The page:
The Legislative Landscape of Cryptocurrencies in South Africa Prior to 2024

South Africa, over the years leading up to 2023, has exhibited a growing interest in cryptocurrencies, backed by a supportive regulatory environment. The South African Reserve Bank (SARB) confirmed its stance of neither banning nor restricting the use of cryptocurrencies, creating a favorable atmosphere for blockchain developers, entrepreneurs, and the banking sector to explore and integrate blockchain technology​

Cryptocurrency in South Africa is legal, and individuals and businesses are allowed to use it. Various cryptocurrency exchanges and trading platforms are operational under the regulation of the Financial Sector Conduct Authority (FSCA). However, it’s important to note that cryptocurrencies are not recognized as legal tender in South Africa. The government established a framework aimed at protecting investors and curbing fraudulent activities, while fostering innovation and growth in the sector. Investors are, nonetheless, cautioned about the inherent risks, including market volatility and cybersecurity threats​

In a pivotal development, the FSCA, in October 2022, declared crypto assets as a financial product under the Financial Advisory and Intermediary Services Act (FAIS). This declaration necessitated every cryptocurrency service provider to obtain authorization from the FAIS to operate. This move was partly in response to a 2021 report by the Financial Action Task Force (FATF), which highlighted the lack of crypto assets regulation in South Africa, particularly concerning Anti-Money Laundering (AML) and Counter-Terrorist Financing (CTF) laws​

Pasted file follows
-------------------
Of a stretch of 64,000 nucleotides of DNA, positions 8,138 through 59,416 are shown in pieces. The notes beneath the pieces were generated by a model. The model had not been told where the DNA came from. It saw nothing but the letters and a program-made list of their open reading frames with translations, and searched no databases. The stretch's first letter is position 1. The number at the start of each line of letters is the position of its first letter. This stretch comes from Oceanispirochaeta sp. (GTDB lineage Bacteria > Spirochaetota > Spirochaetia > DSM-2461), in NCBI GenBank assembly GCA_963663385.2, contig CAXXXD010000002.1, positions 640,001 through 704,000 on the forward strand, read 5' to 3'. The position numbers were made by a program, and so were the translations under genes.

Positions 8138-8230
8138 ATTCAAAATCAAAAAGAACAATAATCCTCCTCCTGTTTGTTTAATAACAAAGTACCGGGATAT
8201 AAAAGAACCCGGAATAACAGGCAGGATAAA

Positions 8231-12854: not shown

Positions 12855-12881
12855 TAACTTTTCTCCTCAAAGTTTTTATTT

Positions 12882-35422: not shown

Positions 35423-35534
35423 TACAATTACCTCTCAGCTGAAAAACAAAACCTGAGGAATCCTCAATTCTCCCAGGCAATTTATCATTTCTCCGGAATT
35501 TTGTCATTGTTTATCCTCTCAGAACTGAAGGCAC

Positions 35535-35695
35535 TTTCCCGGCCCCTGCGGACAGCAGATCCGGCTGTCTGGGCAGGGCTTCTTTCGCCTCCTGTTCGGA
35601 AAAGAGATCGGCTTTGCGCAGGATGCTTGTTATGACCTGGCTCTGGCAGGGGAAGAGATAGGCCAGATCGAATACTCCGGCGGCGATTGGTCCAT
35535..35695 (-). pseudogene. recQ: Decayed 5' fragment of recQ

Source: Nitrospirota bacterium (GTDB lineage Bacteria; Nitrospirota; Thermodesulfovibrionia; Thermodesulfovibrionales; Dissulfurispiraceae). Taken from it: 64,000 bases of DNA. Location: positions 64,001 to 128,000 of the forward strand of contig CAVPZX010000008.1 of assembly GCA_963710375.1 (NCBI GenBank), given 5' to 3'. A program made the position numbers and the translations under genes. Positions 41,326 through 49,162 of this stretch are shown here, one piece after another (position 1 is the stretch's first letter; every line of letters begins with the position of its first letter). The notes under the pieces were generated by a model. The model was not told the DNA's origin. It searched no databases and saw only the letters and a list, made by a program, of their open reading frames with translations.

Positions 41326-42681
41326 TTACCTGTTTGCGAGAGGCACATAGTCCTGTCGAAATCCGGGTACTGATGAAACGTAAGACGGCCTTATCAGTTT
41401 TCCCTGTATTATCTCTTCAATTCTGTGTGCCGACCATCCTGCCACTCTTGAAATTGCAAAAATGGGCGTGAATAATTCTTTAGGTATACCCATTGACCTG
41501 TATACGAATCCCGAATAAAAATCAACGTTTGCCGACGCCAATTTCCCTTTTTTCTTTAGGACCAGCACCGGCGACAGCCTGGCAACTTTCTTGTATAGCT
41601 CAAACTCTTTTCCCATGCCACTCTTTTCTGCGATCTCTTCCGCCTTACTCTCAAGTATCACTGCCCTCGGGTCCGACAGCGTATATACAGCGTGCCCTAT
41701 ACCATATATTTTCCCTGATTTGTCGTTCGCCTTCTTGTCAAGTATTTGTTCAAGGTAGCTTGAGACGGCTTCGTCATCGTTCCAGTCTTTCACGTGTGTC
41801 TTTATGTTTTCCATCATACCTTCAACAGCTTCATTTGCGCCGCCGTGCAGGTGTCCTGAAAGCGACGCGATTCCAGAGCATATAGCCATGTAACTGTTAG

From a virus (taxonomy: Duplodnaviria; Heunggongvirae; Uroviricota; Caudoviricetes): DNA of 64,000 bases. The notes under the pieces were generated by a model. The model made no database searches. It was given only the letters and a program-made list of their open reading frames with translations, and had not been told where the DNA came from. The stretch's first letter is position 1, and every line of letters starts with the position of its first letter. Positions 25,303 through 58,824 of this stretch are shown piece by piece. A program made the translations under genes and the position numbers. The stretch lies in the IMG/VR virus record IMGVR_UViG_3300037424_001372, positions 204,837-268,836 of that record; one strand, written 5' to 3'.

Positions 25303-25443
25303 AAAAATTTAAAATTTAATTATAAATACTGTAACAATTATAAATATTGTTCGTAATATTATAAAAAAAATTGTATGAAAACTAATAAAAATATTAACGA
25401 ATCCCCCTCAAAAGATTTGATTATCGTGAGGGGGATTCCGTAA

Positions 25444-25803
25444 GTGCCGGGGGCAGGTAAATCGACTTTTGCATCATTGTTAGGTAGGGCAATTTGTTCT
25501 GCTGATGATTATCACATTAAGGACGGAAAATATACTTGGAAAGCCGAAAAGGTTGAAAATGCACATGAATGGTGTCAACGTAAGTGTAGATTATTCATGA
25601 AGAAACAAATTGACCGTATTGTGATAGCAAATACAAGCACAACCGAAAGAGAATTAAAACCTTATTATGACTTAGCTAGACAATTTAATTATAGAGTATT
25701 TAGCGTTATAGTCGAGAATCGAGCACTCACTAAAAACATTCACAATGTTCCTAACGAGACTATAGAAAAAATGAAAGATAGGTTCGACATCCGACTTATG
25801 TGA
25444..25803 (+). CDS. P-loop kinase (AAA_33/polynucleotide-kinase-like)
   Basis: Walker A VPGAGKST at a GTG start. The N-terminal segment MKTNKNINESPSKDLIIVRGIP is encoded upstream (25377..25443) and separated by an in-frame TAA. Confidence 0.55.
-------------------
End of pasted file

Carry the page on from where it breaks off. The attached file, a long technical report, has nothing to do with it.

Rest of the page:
Advertising regulations for crypto assets also evolved. The South African Advertising Regulatory Board amended its Code of Advertising Practice in January 2023 to include crypto assets. These new requirements mandated clear warnings in advertisements about the risks of capital loss and demanded comprehensibility and honesty, especially in messages circulated by social media influencers or ambassadors in the crypto space​

The South African Revenue Service (SARS) treats cryptocurrency as an intangible asset for tax purposes. Gains from cryptocurrency transactions are taxable, with rates dependent on the individual’s income tax bracket, reaching up to 45%. There are also capital gains taxes on crypto profits, with a maximum effective rate of 18%. Taxpayers are obliged to declare all crypto-related taxable income and maintain detailed records of their transactions​

Further solidifying the regulatory framework, the FSCA governed the operations of cryptocurrency exchanges in South Africa. Starting from a draft declaration in 2019, it laid out proposals requiring exchanges to register and comply with AML and Know-Your-Customer (KYC) requirements, maintain certain levels of capitalization, and adhere to consumer protection and risk management measures. By December 2022, an amendment to the Financial Intelligence Centre Act (FICA) defined crypto service providers as “accountable institutions,” effectively making anonymous crypto transactions illegal in South Africa​

Additionally, from June 1 to November 20, 2023, cryptocurrency financial companies in South Africa were required to apply for a license to operate legally. This move was part of the country’s efforts to regulate the sector more stringently, tackle scams, and protect customers. Notably, non-fungible tokens (NFTs) were not covered by these regulations as they were considered more akin to traditional art investments. The FSCA’s regulations were also aimed at helping South Africa avoid being greylisted by the Financial Action Task Force due to deficiencies in its anti-terrorism financing and money laundering regimes​

This legislative landscape prior to 2024 reflects South Africa’s balanced approach: fostering growth and innovation in the cryptocurrency sector while ensuring investor protection, legal compliance, and the prevention of financial crimes.

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